Juliet pulled the covers up to her chin and looked towards the window. Something strange was happening, and she had no idea what it was, but she sensed there was danger, out there, in the darkness. It was proving to be another restless night, and she would be exhausted in the morning. The comforting glow of the computer screen helped to allay her fears a little, and when she heard the familiar ping of an incoming message, she sat up. It was from Corey. She read what he had written and felt her heart ache, as his story unfolded. His words echoed all the things she tried to keep hidden. He told her about his life, how he felt removed from everyone else and the terrible longing to find out the truth. That is, it, Juliet thought, I am taking a chance. Her fingers flew over the keyboard as she wrote.
Ok, here is what is happening. I am interested in archaeology and it is just some weird coincidence, but my teacher was offered a dig at a castle called Culdoplin. It is short notice, but we must leave tomorrow. I told Mr Thomas, he is leading the dig by the way, that you are my cousin and want to come along. I am not sure that I have made the right decision yet, but anyway he said you can. I am attaching the map of where it is. I don’t know where you’re travelling from, I think the best place to meet is at the station at Brittlestown. If we meet up an hour or so before the train, we can exchange information about ourselves, so Mr Thomas is not suspicious. If you do turn out to be a weirdo, I can have you arrested. Brittlestown is the final part of the journey and about an hour away from the village of Ballibrock. The castle is on the outskirts of the village. You will need a sleeping bag, but they supply tents and food. The dig should last for about four weeks, but it may be longer. Email me the minute you get this and let me know what you want to do.
Corey looked up at the ceiling and thought of those who slept overhead. Would they manage without him for that length of time? He bit his lip and felt his stomach spasm at the thought of not being able to go with Juliet. He had to find out the reason for the dream and the strange things he saw the night before. The others survived on the streets for years; they would be fine without him. He placed his fingers on the keys and began to type. Pressing the send button, he smiled; aware he had sealed his fate.
They were sad to see him go. Annie and Tom felt Corey needed the change after his months of hard work, and they had enough to keep the house going. His sudden decision to go on the dig was no surprise to those who were used to the comings and goings of the street-dwellers.
Corey leaned out of the train window and waved until he could no longer see his family. They all insisted on coming to see him off, and it turned in to an emotional parting as Jamie started to sniffle.
He sat back in his seat and smiled as the train picked up speed, and his stomach flipped when he thought of what lay ahead. There were few passengers, and this meant he could stow his sleeping bag and knapsack on the opposite seat. The journey would take over three hours, and Annie had packed him some sandwiches and a drink in case he got hungry. His sleep was disturbed since his first sighting of the Thing and the Monster Dog. The nights now held a new and more threatening terror than he had ever known on the streets. The rocking of the train relaxed him, and he closed his eyes and listened to the whispers from the wheels as they clackity-clacked. To his tired brain they seemed to be saying “going back, going back, going back,” and he did not realise that he was whispering the words along with them. Juliet would get there twenty minutes before him; she informed him in one the dozens of emails that whizzed back and forth between them throughout the night. She would be waiting on the platform when his train pulled in. He asked her how he would recognise him, and her reply still puzzled him. Look for someone who looks as though her head is on fire.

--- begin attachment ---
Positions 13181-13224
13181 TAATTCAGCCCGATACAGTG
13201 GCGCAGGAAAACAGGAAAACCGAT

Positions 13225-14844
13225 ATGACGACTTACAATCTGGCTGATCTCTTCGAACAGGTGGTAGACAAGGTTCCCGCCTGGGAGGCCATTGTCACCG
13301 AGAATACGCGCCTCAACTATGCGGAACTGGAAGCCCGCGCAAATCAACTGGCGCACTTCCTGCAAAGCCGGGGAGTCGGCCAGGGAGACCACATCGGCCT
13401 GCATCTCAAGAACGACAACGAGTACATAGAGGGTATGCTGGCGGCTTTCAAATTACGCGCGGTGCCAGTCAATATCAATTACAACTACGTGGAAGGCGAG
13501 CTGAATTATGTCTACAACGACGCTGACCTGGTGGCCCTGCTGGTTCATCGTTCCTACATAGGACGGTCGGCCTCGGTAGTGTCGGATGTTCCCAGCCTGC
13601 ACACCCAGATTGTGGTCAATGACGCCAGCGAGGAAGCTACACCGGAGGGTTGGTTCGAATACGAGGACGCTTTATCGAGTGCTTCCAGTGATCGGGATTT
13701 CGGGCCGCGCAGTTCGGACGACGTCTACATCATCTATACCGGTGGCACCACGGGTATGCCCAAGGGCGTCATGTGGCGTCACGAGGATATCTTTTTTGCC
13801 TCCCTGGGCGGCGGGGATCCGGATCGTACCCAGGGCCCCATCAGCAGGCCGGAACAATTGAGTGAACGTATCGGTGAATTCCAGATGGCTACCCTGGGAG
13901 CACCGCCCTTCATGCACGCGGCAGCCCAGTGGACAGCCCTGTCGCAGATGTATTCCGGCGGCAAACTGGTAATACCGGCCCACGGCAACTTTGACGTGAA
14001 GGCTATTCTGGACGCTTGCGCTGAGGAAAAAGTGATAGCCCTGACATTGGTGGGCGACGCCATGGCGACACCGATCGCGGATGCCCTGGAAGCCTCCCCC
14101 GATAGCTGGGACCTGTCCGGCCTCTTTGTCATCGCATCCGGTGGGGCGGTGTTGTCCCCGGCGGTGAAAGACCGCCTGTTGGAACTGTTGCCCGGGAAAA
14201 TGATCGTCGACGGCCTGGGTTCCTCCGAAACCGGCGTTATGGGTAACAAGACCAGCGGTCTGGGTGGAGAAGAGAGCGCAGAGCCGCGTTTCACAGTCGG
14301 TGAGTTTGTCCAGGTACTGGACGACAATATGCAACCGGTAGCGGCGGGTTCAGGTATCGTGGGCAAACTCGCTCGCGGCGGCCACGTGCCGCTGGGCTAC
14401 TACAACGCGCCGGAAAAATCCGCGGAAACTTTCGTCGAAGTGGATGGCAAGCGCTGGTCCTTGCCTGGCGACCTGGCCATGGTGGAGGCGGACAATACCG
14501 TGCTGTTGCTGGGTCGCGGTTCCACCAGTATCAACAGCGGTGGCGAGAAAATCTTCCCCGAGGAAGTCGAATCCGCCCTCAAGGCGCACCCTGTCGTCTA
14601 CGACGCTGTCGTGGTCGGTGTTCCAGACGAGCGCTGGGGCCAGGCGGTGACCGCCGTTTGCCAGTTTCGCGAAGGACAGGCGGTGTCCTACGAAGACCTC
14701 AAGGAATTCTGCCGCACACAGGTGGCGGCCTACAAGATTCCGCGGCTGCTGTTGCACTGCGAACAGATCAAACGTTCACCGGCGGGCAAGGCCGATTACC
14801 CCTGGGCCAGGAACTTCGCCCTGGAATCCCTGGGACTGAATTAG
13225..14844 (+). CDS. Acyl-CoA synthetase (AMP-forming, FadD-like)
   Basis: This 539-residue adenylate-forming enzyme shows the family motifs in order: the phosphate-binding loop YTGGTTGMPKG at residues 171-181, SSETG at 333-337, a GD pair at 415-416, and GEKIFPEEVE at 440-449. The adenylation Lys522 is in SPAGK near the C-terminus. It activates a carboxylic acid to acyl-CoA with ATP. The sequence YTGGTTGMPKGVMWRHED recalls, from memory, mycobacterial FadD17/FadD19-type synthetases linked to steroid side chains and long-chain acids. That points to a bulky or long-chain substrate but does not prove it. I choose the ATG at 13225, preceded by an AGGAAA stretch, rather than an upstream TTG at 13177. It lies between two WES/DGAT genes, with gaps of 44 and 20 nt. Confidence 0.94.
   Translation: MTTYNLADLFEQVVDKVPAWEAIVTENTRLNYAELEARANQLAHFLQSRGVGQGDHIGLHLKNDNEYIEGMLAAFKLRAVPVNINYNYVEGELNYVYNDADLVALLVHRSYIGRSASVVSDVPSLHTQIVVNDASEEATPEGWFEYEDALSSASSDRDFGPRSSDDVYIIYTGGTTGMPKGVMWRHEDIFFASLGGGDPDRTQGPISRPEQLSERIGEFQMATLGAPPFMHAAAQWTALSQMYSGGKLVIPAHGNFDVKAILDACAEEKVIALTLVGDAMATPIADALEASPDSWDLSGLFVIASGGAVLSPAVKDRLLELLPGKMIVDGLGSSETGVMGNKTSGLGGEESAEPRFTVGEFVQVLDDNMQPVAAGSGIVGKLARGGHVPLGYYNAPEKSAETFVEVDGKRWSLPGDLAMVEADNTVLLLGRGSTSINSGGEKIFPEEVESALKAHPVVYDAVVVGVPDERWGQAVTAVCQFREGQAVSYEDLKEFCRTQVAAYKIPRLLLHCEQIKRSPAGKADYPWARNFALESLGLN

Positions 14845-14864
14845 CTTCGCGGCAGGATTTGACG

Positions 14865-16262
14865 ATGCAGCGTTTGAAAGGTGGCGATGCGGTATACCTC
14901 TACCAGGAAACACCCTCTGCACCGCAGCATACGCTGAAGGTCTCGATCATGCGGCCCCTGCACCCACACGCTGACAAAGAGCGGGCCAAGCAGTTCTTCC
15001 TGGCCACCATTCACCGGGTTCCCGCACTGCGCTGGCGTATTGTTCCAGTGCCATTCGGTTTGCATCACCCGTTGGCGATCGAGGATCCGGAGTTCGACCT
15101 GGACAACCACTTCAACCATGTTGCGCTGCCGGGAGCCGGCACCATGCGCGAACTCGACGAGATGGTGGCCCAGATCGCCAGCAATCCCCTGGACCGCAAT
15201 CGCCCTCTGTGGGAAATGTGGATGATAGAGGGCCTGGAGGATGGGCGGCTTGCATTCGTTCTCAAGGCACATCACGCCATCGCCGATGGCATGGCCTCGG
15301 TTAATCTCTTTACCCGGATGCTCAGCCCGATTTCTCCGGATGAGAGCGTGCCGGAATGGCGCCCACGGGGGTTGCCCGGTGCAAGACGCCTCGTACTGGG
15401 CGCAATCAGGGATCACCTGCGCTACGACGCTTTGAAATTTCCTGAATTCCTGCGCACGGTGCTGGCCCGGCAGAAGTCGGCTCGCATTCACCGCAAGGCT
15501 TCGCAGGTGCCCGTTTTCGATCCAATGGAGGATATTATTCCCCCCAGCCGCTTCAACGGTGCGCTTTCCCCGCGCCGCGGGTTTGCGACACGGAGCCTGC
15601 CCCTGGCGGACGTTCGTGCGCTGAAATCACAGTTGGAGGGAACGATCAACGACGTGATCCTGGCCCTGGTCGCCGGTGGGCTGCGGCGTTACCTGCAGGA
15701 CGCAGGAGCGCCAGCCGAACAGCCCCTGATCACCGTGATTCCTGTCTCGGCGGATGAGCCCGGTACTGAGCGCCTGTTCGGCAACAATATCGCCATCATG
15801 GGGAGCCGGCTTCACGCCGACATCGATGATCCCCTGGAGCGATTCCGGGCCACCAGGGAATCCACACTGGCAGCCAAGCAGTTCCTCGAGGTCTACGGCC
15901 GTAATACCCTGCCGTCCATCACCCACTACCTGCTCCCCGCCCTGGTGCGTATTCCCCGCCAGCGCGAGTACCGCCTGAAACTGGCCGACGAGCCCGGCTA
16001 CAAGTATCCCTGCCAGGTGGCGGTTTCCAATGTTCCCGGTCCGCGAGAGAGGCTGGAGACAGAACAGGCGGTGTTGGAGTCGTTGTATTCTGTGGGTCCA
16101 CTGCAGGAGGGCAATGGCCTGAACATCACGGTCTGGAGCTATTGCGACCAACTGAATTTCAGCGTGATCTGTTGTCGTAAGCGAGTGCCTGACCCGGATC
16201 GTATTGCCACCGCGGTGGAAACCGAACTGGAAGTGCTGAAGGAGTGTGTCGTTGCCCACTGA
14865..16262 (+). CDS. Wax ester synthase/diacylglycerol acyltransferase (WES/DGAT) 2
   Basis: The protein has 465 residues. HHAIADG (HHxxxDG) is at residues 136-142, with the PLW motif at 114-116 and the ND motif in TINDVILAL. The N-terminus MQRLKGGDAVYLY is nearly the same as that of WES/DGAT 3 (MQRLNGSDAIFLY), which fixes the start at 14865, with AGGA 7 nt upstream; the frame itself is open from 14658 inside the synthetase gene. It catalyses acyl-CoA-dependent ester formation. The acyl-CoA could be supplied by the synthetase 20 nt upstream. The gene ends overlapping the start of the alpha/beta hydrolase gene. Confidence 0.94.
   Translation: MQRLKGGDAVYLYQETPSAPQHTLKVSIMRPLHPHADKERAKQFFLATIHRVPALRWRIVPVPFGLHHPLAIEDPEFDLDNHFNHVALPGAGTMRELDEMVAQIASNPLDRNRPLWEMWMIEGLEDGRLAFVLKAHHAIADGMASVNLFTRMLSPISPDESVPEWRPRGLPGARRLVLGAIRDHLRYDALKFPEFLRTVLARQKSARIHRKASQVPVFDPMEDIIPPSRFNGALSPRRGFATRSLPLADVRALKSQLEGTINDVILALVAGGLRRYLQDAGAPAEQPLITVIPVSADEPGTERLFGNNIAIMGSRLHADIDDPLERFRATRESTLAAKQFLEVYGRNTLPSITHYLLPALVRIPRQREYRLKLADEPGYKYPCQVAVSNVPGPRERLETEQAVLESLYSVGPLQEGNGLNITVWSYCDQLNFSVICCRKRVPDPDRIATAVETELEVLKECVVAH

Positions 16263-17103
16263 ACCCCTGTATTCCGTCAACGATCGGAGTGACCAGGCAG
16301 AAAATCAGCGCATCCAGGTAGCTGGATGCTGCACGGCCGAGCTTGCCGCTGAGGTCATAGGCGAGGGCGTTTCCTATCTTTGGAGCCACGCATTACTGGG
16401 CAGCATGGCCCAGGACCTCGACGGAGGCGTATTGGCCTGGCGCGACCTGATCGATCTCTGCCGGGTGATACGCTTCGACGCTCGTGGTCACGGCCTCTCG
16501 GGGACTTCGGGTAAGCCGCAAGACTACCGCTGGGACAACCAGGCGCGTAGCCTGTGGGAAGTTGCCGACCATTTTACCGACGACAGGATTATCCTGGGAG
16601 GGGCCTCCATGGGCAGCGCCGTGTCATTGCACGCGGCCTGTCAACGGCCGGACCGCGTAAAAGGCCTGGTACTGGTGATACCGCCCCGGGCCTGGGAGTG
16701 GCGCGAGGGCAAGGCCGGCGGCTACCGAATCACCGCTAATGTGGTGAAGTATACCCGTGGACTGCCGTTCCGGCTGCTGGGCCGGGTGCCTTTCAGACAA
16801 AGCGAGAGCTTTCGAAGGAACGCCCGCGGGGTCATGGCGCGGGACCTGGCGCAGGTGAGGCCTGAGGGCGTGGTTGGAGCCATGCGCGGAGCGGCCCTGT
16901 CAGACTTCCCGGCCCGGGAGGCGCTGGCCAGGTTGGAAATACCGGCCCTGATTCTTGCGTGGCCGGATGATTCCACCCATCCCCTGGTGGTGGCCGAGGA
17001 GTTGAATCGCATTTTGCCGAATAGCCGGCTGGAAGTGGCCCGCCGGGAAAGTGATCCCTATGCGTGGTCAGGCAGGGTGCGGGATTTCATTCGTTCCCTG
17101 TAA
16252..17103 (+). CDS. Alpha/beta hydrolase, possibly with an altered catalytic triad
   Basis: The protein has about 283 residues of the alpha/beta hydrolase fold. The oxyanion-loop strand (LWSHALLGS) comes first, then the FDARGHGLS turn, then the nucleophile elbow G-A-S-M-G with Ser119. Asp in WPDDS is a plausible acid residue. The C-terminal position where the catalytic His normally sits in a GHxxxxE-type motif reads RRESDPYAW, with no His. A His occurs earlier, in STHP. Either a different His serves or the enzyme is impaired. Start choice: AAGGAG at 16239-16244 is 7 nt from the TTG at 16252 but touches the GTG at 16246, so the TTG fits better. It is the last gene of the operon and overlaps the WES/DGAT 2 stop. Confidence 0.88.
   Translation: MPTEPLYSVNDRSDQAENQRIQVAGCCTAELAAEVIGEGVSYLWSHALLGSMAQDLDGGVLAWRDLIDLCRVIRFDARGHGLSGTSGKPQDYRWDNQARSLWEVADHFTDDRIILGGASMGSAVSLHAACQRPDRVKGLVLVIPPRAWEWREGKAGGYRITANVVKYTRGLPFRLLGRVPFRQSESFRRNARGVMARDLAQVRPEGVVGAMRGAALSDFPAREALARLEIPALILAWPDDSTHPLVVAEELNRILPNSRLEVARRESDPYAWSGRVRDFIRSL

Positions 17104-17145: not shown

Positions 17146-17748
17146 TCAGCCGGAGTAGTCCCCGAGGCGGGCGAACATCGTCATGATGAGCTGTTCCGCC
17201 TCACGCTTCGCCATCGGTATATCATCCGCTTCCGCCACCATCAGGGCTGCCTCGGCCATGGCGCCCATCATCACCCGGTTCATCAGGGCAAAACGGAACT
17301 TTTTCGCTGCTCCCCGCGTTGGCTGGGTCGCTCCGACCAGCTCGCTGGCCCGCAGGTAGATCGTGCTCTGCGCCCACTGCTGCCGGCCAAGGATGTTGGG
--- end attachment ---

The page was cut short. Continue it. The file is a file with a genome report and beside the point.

He woke with a jolt, and realised they were now deep in the heart of the countryside. He shuffled closer to the window and looked out at the strange, unfamiliar landscape speeding by. He had looked up the area on his computer and read a little about its history. None of the pictures on the screen prepared him for what he saw. The land was covered with huge stones, some long and flat, reminding him of ancient tombs. Others were standing, and he knew from his research they dated back to the time of the Druids. As the miles passed, he saw rings forts, the tombs of fallen warriors and old castles. There were dozens of ruined, ivy-covered churches, their spires the only thing that marked what they once were. Other than a few sheep grazing on the grass between the stones, there was no other sign of life. It was understandable in such a barren and desolate place, where most of the inhabitants left to find work in the towns and cities. This was evident in the hundreds of ruined cottages that dotted the land, their jagged bricks thrusting like skeleton arms through the dark earth. What connection I have with this strange place, Corey wondered, as the train brought him closer and closer to the truth.